Marketing was once a business of demographics. Businesses would pay big money for metrics on the habits and patterns of potential customers according to a variety of different vectors: race, gender, social class, geography, income. And while the ability to cross reference these different vectors allowed for a fairly sophisticated level of customer targeting, it was an inherently imperfect process. The complicated preferences of an individual can’t be determined by the habits of their peers. But brands today have a new tool in their arsenal – artificial intelligence – and it’s creating a level of marketing that’s rapidly approaching one to one targeting.

This new breed of marketing is revolutionary, but it wouldn’t have come about without the transformative rise of the internet. Today’s customers interact with the digital space in practically every aspect of their life, and every point of contact with an online channel or touchpoint provides real and actionable data about the consumer’s habits and preferences, independent from the more imperfect standards of demographic-based marketing. Gathered together, this information creates a comprehensive profile of an individual, and that’s like liquid gold for brand marketing.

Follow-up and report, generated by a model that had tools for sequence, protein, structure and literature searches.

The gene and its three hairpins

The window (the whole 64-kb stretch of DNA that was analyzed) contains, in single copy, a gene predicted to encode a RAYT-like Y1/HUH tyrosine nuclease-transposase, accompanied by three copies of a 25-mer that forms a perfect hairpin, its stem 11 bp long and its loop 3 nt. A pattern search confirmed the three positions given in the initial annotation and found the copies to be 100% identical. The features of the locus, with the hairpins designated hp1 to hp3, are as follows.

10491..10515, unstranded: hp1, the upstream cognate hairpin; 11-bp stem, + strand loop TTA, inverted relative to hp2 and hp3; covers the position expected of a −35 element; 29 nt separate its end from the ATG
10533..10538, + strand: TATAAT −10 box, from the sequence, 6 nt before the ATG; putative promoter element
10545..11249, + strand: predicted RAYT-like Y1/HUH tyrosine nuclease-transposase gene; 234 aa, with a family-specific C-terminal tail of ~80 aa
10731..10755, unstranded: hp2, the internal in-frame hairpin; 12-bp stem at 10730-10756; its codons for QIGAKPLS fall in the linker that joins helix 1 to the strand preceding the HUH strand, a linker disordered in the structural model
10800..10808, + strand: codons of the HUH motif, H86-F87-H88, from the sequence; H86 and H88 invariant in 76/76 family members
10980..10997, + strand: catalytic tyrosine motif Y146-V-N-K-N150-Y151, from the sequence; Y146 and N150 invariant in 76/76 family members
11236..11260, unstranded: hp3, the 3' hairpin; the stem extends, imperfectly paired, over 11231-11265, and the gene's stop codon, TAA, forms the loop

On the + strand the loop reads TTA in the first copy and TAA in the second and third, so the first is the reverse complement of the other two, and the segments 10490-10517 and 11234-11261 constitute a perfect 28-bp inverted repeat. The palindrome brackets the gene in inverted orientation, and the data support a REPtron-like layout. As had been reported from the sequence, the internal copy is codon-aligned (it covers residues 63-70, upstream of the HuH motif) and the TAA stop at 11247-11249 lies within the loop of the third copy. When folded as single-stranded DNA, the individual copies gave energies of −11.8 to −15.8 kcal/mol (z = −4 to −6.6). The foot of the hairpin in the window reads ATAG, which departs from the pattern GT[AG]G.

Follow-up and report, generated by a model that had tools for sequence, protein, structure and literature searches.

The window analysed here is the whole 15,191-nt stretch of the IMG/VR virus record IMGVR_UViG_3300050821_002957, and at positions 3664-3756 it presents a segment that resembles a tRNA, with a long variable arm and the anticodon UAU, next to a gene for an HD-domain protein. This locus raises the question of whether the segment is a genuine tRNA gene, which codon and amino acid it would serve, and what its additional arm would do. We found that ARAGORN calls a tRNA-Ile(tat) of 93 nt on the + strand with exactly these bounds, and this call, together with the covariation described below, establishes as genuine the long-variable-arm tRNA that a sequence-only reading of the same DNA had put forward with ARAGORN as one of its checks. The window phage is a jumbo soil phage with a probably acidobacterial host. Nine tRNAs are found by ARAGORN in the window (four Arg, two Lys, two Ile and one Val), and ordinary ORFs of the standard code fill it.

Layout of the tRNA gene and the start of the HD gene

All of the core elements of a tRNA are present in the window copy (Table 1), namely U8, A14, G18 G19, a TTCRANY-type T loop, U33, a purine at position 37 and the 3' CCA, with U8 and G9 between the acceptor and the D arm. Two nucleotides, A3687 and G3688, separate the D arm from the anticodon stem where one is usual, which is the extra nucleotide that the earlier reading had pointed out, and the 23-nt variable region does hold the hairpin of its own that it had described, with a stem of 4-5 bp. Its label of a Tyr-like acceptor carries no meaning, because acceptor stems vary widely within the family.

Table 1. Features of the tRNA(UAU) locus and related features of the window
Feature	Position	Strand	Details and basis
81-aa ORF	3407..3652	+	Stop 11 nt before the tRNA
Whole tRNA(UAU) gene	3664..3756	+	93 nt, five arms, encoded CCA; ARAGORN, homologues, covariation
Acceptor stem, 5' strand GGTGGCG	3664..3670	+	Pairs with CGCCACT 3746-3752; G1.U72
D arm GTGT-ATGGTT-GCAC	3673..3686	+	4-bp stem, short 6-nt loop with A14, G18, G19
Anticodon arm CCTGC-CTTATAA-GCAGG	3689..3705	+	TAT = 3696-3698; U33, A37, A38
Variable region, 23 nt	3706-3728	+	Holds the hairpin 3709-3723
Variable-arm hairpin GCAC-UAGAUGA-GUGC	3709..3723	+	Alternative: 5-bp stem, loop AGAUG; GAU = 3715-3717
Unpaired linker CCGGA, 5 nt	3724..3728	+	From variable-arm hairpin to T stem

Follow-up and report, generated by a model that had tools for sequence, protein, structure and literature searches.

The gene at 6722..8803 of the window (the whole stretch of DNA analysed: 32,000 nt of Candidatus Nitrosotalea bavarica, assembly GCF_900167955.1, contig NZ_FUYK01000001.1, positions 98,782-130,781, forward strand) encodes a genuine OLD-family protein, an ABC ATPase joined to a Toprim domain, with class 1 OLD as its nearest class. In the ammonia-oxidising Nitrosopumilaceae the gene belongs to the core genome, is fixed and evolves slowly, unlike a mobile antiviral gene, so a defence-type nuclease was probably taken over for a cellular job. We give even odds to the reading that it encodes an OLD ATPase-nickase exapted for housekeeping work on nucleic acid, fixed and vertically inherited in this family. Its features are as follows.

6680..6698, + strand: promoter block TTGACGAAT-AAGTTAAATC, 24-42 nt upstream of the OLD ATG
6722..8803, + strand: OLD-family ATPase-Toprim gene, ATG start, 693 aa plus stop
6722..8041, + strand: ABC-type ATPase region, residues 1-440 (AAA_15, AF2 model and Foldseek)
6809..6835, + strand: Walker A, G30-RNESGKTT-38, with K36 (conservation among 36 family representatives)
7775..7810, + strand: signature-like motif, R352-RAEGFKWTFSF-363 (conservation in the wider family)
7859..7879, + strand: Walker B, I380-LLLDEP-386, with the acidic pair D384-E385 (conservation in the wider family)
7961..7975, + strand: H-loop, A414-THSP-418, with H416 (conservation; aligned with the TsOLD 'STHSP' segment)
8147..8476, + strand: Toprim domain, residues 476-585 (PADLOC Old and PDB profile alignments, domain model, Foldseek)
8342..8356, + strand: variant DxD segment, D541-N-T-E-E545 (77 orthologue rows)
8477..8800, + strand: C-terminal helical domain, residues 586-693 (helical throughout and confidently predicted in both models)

But sorting through that data as a human is a herculean task, and it’s exceedingly impractical when you have to consider the cost-benefit ratio of these tasks on an individual level. That’s where artificial intelligence places such a crucial role. Complex algorithms simplifies the process of gathering and processing this data, allowing detailed profiles to be created for each user, but A.I. does more than just create profiles that can just be sent to the marketing team. It can fundamentally automate the advertising delivery process by providing customers with advertisements tailored to their own unique needs and interests. And since artificial intelligence is a self-learning technology, it only becomes more sophisticated with each iteration.

These functions of artificial intelligence can also drive a brand’s marketing on a macro level. Advertisers only have so many resources to create advertisements, and that means that they have to be smart about what those advertisements look like. By compiling individual user information in aggregate, advertisers and marketers can receive more detailed demographic information on their most profitable audiences, segment them more effectively, and create tailored content that’s more likely to attract the eye and convert potential leads.